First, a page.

For a country synonymous with windmills, the reality that given a true market choice of energy available at cost and not artificially manipulated with subsidies has forced consumers in that country to reevaluate their energy options. They already appear to be choosing “less expensive technologies than wind.”
Abandoned wind farms containing thousands of idle windmills could be the future—as it already is in the present in places like Hawaii.
Companies like Vestas, heavily invested in Colorado to the tune of more than $1 billion spread out over four production facilities, say “the industry is under a dark cloud.”
The reason? The looming end of federal tax credits propping up the windmill business. In early November, the San Francisco Chronicle quoted Vestas Wind Systems CEO Ditlev Engel, who said the market for wind energy would “disappear” without the production tax credit (PTC) of 2.2 cents per kilowatt-hour.
"Our concern is that if the PTC is not extended, history has shown us that these markets tend to fall off a cliff," Engel told the Chronicle. Industry estimates claim that as much as 85 percent of the market would simply vanish without the PTCs.
Perhaps in anticipation of the looming downturn in wind energy prospects, Vestas plans to shed $207 million in costs, cutting an undisclosed number of jobs. It wasn’t clear if those jobs to be eliminated would come from its Colorado operations.
Without these federal tax credits scheduled to sunset in 2012, not only is wind not an economically viable alternative with little residual market demand, it isn’t even a consistently reliable energy source.
Dimming Solar Prospects
To say that that the prospects of that other renewable ‘panacea’—solar—aren’t bright (at least in the near future) would be quite an understatement. We’ve explored the ramifications of questionable government-backed and taxpayer-subsidized loan guarantees in earlier columns. But the externalities explored focused primarily on the implications to the U.S. solar industry.
U.S. downturns in subsidized market production and demand have been mirrored in Europe, and now we’re beginning to see those factors play out for the bull in the solar panel array: China.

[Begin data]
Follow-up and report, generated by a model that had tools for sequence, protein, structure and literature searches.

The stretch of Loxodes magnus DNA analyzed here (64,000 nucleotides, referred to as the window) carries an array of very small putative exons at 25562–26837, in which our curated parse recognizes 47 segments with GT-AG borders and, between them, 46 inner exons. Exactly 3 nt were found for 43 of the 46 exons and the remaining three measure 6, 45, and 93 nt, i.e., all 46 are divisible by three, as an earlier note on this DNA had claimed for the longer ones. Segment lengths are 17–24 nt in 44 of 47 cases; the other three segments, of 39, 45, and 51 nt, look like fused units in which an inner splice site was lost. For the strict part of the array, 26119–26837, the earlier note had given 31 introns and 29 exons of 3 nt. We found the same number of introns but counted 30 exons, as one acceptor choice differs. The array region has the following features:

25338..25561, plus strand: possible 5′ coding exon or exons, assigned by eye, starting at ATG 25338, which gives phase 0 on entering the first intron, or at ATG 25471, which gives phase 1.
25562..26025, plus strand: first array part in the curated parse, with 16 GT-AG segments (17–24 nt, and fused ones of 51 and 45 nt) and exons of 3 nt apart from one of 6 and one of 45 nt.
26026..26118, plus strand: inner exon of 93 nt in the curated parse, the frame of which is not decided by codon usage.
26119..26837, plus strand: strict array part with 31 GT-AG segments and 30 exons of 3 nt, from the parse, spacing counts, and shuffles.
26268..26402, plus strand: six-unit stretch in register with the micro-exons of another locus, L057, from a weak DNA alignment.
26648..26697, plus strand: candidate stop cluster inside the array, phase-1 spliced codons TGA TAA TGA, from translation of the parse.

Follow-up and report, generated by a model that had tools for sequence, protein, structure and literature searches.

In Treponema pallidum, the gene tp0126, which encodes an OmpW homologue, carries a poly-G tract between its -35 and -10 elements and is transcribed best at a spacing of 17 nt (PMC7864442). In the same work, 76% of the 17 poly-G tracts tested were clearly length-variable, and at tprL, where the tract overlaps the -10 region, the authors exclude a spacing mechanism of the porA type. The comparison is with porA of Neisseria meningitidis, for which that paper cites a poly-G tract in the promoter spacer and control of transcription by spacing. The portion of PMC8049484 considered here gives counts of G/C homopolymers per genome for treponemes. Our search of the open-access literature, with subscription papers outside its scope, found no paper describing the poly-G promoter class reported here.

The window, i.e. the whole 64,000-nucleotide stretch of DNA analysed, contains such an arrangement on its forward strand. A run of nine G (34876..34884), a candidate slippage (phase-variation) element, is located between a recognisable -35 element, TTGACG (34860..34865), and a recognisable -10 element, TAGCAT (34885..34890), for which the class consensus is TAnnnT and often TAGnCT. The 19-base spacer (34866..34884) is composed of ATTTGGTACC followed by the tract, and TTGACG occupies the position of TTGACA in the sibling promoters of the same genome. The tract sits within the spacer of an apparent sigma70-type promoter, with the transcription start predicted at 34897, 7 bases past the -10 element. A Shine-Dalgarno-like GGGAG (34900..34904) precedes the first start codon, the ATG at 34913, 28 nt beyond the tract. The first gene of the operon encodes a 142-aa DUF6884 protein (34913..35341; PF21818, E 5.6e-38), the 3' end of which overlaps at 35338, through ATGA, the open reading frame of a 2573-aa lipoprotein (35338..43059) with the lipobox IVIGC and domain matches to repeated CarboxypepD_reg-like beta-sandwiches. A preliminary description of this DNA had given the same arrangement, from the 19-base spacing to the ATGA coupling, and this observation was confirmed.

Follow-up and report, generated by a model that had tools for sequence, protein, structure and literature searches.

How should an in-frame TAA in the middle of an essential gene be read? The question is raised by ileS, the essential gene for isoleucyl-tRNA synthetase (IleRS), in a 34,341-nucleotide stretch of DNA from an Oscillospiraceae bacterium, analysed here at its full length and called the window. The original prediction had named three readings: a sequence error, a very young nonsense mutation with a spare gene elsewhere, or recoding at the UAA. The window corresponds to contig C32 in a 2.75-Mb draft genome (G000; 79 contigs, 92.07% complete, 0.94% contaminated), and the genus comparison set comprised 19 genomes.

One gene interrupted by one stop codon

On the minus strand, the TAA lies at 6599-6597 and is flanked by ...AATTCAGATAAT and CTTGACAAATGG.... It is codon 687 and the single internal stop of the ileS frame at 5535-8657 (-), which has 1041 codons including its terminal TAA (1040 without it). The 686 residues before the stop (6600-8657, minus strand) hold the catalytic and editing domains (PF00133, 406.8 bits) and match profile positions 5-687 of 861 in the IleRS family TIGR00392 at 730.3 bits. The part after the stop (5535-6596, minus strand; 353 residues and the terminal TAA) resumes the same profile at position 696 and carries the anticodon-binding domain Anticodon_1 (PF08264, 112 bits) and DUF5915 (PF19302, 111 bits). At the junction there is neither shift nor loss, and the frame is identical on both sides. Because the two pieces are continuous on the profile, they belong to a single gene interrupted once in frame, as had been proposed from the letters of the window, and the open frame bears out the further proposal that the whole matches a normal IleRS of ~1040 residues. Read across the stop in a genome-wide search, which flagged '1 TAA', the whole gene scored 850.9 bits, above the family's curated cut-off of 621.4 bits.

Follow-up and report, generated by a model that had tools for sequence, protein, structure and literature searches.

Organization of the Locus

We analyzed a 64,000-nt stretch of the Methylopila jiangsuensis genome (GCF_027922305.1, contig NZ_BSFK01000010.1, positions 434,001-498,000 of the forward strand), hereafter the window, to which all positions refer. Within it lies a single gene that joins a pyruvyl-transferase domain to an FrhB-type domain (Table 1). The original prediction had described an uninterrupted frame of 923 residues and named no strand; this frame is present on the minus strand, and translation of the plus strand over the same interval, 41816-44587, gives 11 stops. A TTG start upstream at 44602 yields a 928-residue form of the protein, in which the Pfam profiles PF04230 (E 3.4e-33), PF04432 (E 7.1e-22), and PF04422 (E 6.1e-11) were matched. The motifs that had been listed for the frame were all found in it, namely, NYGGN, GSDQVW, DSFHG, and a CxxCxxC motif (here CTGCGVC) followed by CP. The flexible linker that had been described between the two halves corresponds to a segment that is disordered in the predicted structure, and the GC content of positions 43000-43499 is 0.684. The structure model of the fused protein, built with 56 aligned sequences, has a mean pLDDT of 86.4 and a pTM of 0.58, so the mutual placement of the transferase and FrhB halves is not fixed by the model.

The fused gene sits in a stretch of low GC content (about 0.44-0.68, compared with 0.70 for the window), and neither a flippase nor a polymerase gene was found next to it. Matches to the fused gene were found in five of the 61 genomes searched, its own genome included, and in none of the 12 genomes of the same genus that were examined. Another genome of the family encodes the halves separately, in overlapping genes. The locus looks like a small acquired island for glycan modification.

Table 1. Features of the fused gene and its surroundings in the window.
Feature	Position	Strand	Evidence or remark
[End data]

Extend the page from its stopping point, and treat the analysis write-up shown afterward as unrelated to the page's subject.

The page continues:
Chinese solar panel manufacturers have already begun to respond to the “weak market demand and industry oversupply” of solar cells by reducing production.
But even slashing manufacturing likely won’t save the vast majority of Chinese solar manufacturers over the next few years, according to Bloomberg. A “glut” of available inventory spurred on by anticipated sales to subsidized consumers in places like Europe has sent prices plummeting, dropping as much as 25 percent for components like solar wafers, in just a month’s time from October to November.
Price per watt, one of the strongest measures of market pricing in the industry, have nearly halved in the last year, as government subsidy-driven investment, plant creation, production, and oversupply have dissipated once those “taxpayer” investments are taken off the table.
The result? More bankruptcies. For those companies that remain, that means falling revenue as shipments of solar modules decline.
Lowering prices on Chinese-manufactured solar panels has lead to accusations that the Chinese companies, backed by government subsidies and other preferred institutional support from Beijing, have begun to “dump” their excess inventory in the U.S. market at “less than fair value.”
These complaints could lead to punitive tariffs, and a solar trade war with China. For their part, the Chinese have countered that similar U.S. subsidies for renewable energy production have created an “improper trade barrier” while denying any favoritism from the Chinese government.